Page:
The FDA plans to establish a system that would allow for the use of “real-world evidence” to help the agency more quickly identify safety signals and address concerns, according to its list of strategic priorities for 2016-2017.
The infrastructure, dubbed the National Medical Device Evaluation System, would use electronic clinical data, such as electronic health records, registries and medical billing claims in which device identifiers have been incorporated.
The agency aims to gain access to 25 million electronic patient records with device identification by Dec. 31, and 100 million records by the end of next year. The FDA also aims to increase the use of real-world evidence to support regulatory decisions by 40 percent by the end of this year and by 100 percent by Dec. 31, 2017.
The goals come as a new Senate report calls on Congress to require unique device identifiers to be included in insurance claims and fully fund a National Medical Device Evaluation System to ensure that the FDA is able to effectively monitor the safety of devices on the market rather than relying on adverse event reporting (see related story).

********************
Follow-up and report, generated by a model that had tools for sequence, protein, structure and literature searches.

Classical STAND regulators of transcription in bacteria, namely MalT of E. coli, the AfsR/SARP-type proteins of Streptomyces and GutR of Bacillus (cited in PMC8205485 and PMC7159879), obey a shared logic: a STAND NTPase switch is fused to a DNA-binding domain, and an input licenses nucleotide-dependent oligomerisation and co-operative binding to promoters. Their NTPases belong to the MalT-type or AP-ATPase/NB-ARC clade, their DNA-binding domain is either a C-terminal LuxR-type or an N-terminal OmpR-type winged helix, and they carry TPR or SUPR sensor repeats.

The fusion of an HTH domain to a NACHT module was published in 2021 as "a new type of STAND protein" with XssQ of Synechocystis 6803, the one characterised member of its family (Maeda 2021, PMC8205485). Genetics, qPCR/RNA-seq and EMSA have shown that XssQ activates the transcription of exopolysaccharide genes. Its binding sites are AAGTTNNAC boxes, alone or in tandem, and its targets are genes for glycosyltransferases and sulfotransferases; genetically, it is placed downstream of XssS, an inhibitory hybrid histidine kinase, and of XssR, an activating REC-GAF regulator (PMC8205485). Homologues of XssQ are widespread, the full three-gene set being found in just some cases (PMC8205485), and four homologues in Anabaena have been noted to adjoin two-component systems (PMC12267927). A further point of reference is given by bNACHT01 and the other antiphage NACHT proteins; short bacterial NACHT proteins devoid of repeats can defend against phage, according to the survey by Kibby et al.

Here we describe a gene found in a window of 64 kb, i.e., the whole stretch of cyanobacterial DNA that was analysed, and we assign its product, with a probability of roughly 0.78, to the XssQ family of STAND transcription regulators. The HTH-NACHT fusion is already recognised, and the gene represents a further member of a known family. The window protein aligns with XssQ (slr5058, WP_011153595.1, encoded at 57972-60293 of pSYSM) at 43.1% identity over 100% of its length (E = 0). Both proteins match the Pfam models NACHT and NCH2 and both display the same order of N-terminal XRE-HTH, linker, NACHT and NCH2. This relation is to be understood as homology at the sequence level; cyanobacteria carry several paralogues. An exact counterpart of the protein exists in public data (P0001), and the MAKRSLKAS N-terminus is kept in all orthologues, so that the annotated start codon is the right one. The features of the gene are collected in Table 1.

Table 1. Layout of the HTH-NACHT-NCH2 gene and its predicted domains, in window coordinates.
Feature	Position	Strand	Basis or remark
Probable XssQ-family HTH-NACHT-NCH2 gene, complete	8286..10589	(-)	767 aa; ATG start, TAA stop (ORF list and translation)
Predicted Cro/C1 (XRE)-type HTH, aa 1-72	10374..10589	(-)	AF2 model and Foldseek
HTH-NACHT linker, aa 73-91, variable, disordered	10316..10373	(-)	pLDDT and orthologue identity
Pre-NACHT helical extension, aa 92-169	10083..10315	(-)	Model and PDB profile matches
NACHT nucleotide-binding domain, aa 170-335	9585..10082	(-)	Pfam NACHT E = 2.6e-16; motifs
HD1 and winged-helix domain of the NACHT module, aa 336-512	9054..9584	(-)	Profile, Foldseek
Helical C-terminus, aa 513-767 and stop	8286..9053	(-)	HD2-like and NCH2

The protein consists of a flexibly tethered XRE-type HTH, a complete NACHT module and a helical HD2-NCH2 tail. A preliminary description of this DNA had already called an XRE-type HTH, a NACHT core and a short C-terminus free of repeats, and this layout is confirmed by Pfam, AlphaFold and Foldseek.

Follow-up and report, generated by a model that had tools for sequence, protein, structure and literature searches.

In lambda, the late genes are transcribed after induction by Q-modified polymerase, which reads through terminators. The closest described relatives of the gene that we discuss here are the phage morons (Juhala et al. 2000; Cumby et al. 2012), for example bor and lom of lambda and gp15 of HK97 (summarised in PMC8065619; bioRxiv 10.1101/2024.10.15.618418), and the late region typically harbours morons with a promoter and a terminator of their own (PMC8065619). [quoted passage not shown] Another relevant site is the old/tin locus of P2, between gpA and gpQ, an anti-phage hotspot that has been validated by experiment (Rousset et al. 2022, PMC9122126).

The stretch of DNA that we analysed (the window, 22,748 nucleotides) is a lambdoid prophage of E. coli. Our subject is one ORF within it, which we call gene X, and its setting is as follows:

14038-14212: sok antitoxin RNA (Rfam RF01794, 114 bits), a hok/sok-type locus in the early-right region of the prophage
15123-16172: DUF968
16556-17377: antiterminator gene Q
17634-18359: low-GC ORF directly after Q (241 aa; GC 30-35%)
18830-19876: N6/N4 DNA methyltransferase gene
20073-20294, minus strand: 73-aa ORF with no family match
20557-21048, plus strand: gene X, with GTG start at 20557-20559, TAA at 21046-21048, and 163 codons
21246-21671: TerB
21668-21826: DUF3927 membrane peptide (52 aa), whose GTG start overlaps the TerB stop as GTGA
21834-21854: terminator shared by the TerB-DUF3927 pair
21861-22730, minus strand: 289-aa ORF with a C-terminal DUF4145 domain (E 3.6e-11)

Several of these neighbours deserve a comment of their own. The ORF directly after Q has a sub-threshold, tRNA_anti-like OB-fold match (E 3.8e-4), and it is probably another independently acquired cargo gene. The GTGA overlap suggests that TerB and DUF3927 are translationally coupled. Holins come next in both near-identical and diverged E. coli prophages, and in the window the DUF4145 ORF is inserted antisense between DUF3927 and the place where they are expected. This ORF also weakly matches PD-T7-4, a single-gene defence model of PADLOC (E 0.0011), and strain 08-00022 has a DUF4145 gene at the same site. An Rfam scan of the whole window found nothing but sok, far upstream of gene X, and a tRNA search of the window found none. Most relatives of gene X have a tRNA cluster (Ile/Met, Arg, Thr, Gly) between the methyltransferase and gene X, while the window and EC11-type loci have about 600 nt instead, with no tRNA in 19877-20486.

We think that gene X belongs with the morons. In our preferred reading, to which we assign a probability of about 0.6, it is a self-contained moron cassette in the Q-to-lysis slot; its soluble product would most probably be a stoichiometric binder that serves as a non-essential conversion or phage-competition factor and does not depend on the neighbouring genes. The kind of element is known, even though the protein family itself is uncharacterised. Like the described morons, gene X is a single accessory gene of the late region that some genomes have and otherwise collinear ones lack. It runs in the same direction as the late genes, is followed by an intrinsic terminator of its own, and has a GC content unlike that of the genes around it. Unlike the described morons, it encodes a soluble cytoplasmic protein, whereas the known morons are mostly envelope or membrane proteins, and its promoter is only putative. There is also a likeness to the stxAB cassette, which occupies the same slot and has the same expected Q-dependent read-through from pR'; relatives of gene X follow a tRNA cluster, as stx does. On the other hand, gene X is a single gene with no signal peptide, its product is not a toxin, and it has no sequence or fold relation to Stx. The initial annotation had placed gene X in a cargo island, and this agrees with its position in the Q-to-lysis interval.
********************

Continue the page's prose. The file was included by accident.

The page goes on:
The FDA’s list of strategic priorities also aims to boost patient interaction to advance the development and evaluation of innovative devices and monitor the performance of marketed devices. By Dec. 31, 2017, 90 percent of CDRH employees will interact with patients as part of their job duties, according to the goals.
Another goal aims to increase the use of patient input in the agency’s decision making. By Sept. 30, 2017, 100 percent of PMA, de novo and humanitarian devices exemption decisions will include a public summary of relevant patient perspective data considered. By that same date, the agency will increase the number of patient perspective studies used in support of premarket and postmarket regulatory decisions, and increase the number of expedited access pathway data development plans or regulatory submissions that consider patient perspectives.
In addition, the agency plans to strengthen its culture of quality, setting a goal to increase by 25 percent the number of CDRH staff with quality and process improvement credentials by Sept. 30, 2017.
The agency also highlighted its accomplishments in the past two years towards its 2014-2015 Strategic Priorities, including: